TPG releases strong results for first half 2012, NBN plans
- $90mn profit on $663mn revenue
- TPG network well placed for NBN
- Leaked NBN plan similar to current ADSL2+ offer
TPG, one of Australia’s largest ADSL providers, has released strong financial results for the first half of 2012 and a sneak peek at their plans for the NBN. Until now TPG have remained the largest ISP yet to announce their plans for the growing national network.
First, the financial figures (rounded up):
Revenue – $663 million (up from $574 million in 2011)
Total profit after expenses and taxes - $100 million (up from $7 million in 2011)
Of those expenses, over $300 million went into their network, which now extends to nearly 400 exchanges around the country. The underlying fibre optic network linking up TPG’s network was extended by 417km in the last 12 months, to 2264 km in total.
TPG has added 49,000 customers to its’ popular Home Phone + Internet bundles, but lost some customers for Standalone Broadband (where the home phone is through another company). Overall growth was 19,000 customers, bringing the total number of broadband subscribers near 600,000.
TPG has also added 21,000 new mobile customers to bring them up to 222,000 in total, thanks to their award winning mobile caps, starting from $9.99.
Included in this morning’s announcement to investors were plans to ramp up internet based TV through TPG, which was briefly available earlier this year but which has since undergone some retooling.
TPG broke their silence on the National Broadband Network (NBN), covering their advantages over other ISPs. The PIPE network will be used for backhaul under the NBN. Not to mention PPC-1, TPG’s own submarine cable, for international transmission.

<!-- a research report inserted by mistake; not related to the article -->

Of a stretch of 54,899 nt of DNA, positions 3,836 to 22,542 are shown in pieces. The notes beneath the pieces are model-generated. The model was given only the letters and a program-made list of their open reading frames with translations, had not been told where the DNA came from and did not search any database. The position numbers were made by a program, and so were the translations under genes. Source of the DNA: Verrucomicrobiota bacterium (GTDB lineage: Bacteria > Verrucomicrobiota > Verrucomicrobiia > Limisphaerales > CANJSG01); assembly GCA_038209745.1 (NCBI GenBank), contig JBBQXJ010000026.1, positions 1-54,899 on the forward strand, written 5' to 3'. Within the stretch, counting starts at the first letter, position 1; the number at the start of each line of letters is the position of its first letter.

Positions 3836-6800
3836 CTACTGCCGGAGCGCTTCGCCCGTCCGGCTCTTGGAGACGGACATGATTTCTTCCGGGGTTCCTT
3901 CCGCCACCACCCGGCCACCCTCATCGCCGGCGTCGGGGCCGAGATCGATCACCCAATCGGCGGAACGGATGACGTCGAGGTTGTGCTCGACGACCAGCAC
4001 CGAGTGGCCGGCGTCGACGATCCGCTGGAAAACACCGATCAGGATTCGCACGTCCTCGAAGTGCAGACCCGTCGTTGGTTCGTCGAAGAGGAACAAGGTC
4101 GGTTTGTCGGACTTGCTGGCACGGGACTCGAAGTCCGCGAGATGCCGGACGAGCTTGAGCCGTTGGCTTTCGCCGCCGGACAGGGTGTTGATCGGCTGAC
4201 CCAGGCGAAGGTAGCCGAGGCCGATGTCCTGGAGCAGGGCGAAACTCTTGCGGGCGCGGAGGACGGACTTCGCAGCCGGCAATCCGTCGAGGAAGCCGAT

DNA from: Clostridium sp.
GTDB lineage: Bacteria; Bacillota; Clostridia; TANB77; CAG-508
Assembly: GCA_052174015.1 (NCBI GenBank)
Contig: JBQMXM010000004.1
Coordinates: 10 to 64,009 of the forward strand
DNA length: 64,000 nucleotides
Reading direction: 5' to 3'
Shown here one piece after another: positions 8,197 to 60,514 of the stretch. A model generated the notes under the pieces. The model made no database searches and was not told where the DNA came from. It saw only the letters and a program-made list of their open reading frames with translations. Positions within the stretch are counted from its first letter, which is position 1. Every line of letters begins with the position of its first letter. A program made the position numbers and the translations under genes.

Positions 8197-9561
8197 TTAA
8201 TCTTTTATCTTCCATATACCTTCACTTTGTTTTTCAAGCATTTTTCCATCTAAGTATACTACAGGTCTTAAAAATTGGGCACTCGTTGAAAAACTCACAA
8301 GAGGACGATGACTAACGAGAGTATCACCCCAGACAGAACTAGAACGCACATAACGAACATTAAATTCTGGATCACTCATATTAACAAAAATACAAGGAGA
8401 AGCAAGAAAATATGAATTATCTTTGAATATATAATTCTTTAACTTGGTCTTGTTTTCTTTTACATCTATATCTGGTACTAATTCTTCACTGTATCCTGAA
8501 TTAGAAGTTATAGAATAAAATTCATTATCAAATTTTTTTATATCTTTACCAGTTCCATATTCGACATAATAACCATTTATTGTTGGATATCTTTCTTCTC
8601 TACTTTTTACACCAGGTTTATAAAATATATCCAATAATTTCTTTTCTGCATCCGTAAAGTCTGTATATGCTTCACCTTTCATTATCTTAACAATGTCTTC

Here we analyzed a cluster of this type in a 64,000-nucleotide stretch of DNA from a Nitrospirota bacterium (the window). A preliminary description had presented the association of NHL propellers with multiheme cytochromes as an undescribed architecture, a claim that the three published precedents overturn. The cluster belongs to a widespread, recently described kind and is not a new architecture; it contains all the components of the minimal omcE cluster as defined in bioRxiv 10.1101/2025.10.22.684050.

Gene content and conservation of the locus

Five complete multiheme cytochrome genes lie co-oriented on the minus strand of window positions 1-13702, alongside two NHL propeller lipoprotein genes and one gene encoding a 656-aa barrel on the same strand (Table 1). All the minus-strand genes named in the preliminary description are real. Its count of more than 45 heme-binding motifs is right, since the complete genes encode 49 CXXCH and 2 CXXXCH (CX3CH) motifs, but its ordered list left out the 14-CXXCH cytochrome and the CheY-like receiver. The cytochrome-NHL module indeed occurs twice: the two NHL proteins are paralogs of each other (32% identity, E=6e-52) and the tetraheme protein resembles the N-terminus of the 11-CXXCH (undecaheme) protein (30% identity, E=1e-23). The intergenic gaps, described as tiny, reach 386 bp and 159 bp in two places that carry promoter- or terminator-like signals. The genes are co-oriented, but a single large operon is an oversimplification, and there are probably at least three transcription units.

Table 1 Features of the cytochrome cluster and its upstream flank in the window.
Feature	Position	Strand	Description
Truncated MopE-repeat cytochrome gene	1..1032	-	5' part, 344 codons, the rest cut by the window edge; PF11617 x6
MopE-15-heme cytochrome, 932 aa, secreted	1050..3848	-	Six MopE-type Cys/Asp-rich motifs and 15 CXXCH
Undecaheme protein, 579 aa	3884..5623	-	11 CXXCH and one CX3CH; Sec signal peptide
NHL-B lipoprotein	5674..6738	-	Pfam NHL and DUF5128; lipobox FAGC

Though not included in the investor pack, news of a $69.99 Unlimited NBN plan leaked to the press, with free phone calls and 12Mbps speed. This is almost 1-for-1 with the current $69.99 Super Chat Bundle, which includes unlimited data, unlimited landline calls (local, STD and 1300 numbers included) and 100 international minutes.
The leaked NBN plan for the same price will have unlimited data, unlimited landline calls and unlimited international calls to the USA, Canada, China, India, Taiwan, UK, Germany and Singapore.
Whereas ADSL2+ can reach speeds of 24 Mbps, less than half of customers connect at over 10 Mbps. By comparison, this NBN plan would be 12 Mbps to all customers, and would be available everywhere- the current TPG network extends to about 60% of the population only.
No word has been released about an Unlimited plan on higher speed tiers, but TPG has room to maneuver.
TPG’s current backhaul network is run at about 33% capacity. On the current plan, a customer on the highest speed ADSL2+ (24Mbps) could download about 6.1 terabytes in a month, if they kept it running at top speed all the time.
By comparison, the 12Mbps NBN connection would have to make room for 100% of those customers downloading a max of 3 terabytes in a month. That would mean very little movement in their current network build.
The next plan up, 25Mbps, would be very different. If 100% of customers could download a maximum 6.7 TB a month, that would mean more than doubling their current capacity. Even if a conservative estimate said that they’d have to reach 80% of their current network capacity, that’s still doable – and that’s without the inevitable improvements and upgrades they’ll be making over the next few years. AND that’s assuming every user will be trying to download the entire internet, every hour of every day of every month!
So TPG has plenty of scope to offer similar plans on 25, 50 and 100 Mbps speed tiers as the NBN gets lit up in more and more places. We’ll keep you posted on developments as soon as they come in.